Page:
ENSO Seminar Series

Linguistic bodies: what they are, what they are not, what they might be

Elena Cuffari

Worcester State University
Nov. 10, 2016, 8 p.m. UTC // Nov. 10, 2016, 8 p.m. in UTC

In this seminar I hope to present and elicit a conversation about a core set of ideas of a book project that is underway with Ezequiel Di Paolo and Hanne De Jaegher, in which we derive a view of language from key principles of enaction, particularly participatory sense-making. I will outline in what we take linguistic sense-making to consist. This involves setting typically central explicans aside. Notably, we take speaking, writing, and gesturing to be salient and pervasive ways in which linguistic bodies make sense, but neither necessary nor sufficient criteria for an activity to be considered linguistic. By “linguistic” we do not seek to specially signal immaterial, discursive, propositional, written, or verbal phenomena.

Linguistic bodies are those that “live by” a certain kind of enactive, participatory sense-making. Even before birth, linguistic bodies are attuned and 'groomed' towards certain phenomena as meaningful. Once active, engaged, and precariously in-the-world they incorporate sensitivities and powers within an enlanguaged milieu, with the unfolding result that their intersubjective sense-making and internalized-subjective sense-making alike is linguistic, which means (on our view) embodied, dialectical (in a few ways), agentive, and valuing.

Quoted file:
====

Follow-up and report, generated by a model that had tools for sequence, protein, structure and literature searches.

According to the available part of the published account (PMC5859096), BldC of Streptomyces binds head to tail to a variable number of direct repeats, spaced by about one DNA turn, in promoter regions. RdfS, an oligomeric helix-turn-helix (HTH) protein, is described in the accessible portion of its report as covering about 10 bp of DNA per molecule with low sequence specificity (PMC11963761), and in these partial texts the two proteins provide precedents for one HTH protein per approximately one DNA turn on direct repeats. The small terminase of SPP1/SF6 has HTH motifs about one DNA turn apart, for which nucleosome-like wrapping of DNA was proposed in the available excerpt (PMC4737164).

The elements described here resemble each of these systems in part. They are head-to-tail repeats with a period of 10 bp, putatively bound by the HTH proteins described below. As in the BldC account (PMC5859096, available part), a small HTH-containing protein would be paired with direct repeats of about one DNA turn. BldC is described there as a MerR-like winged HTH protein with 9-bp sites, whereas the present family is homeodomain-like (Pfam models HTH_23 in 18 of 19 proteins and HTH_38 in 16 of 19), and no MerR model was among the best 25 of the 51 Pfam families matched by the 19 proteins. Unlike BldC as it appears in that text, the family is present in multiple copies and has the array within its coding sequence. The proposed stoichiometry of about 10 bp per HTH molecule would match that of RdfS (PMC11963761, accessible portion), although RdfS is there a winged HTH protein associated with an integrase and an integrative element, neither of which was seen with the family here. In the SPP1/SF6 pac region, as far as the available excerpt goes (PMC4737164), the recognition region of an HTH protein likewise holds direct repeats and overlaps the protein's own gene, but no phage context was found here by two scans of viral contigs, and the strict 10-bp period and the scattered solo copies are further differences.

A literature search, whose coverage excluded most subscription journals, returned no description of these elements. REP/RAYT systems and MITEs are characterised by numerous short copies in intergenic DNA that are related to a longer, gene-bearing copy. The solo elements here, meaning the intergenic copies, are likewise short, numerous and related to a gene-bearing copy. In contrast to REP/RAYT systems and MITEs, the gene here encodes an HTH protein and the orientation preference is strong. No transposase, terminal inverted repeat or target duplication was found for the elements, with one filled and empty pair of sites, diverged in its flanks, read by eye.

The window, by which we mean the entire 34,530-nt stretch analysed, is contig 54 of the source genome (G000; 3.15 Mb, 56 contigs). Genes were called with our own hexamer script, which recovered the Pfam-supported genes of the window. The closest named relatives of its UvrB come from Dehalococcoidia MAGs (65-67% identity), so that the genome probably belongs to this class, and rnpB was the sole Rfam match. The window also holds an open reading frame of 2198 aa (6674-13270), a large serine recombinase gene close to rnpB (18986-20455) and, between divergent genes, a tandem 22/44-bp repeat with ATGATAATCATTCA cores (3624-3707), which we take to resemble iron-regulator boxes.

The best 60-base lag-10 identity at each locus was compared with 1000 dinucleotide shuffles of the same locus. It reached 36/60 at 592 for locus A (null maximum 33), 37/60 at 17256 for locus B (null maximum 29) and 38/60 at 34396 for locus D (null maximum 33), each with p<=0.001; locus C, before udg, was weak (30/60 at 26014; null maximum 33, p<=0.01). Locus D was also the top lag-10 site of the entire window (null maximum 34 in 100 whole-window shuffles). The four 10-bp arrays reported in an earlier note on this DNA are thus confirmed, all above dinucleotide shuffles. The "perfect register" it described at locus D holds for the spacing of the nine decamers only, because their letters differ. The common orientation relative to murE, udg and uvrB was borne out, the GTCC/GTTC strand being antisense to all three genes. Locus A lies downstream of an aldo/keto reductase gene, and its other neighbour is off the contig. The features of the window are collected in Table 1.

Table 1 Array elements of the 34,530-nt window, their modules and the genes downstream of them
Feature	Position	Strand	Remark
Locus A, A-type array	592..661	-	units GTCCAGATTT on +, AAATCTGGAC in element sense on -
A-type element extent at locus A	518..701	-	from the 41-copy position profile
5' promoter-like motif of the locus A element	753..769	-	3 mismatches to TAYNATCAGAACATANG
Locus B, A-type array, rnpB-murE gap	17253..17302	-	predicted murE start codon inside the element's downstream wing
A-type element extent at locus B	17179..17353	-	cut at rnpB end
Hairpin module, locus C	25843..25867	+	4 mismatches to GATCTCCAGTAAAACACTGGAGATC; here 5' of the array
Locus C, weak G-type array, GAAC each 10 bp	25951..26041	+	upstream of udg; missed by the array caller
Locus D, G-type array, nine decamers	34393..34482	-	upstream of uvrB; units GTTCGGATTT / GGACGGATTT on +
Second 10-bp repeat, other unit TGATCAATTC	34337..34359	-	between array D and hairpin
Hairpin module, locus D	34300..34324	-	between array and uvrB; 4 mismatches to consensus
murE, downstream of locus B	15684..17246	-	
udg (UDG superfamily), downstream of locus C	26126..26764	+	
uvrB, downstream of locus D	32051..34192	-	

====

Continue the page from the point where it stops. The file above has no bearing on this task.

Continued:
Linguistic bodies are not “the body” of cognitive linguistics. (Forgive the (deliberate) grammatical awkwardness.) Linguistic bodies are not “the body” of post-structuralist thought. Linguistic bodies are not “the body” of any mind/body dichotomy. Here I’ll elaborate these contrasts only insofar as they are help get our view into focus.

Linguistic bodies might be mindful, ethical, and just in their sense-making and their inevitable contributions to the sense-makings of others. Or they may not be. Some features of these bodies are that they understand too readily; they get swept up by each other and external rhythms; they dominate and hurt each other casually. Their constitutive habits are difficult to get into view or under ‘conscious control.’ They are not identical to one another and do not enact language in the same way, but they are fundamentally social and prone to neglect regular differences.

This work is still very much in progress and welcomes your commentary and critique.

Link to join/watch the seminar: https://www.youtube.com/watch?v=mJxtO6am5ZI

Recommended Reading

From participatory sense-making to language: there and back again (Elena Clare Cuffari, Ezequiel Di Paolo & Hanne De Jaegher)
Phenomenology and the Cognitive Sciences ISSN 1568-7759 Volume 14 Number 4 Phenom Cogn Sci (2015) 14:1089-1125 DOI 10.1007/s11097-014-9404-9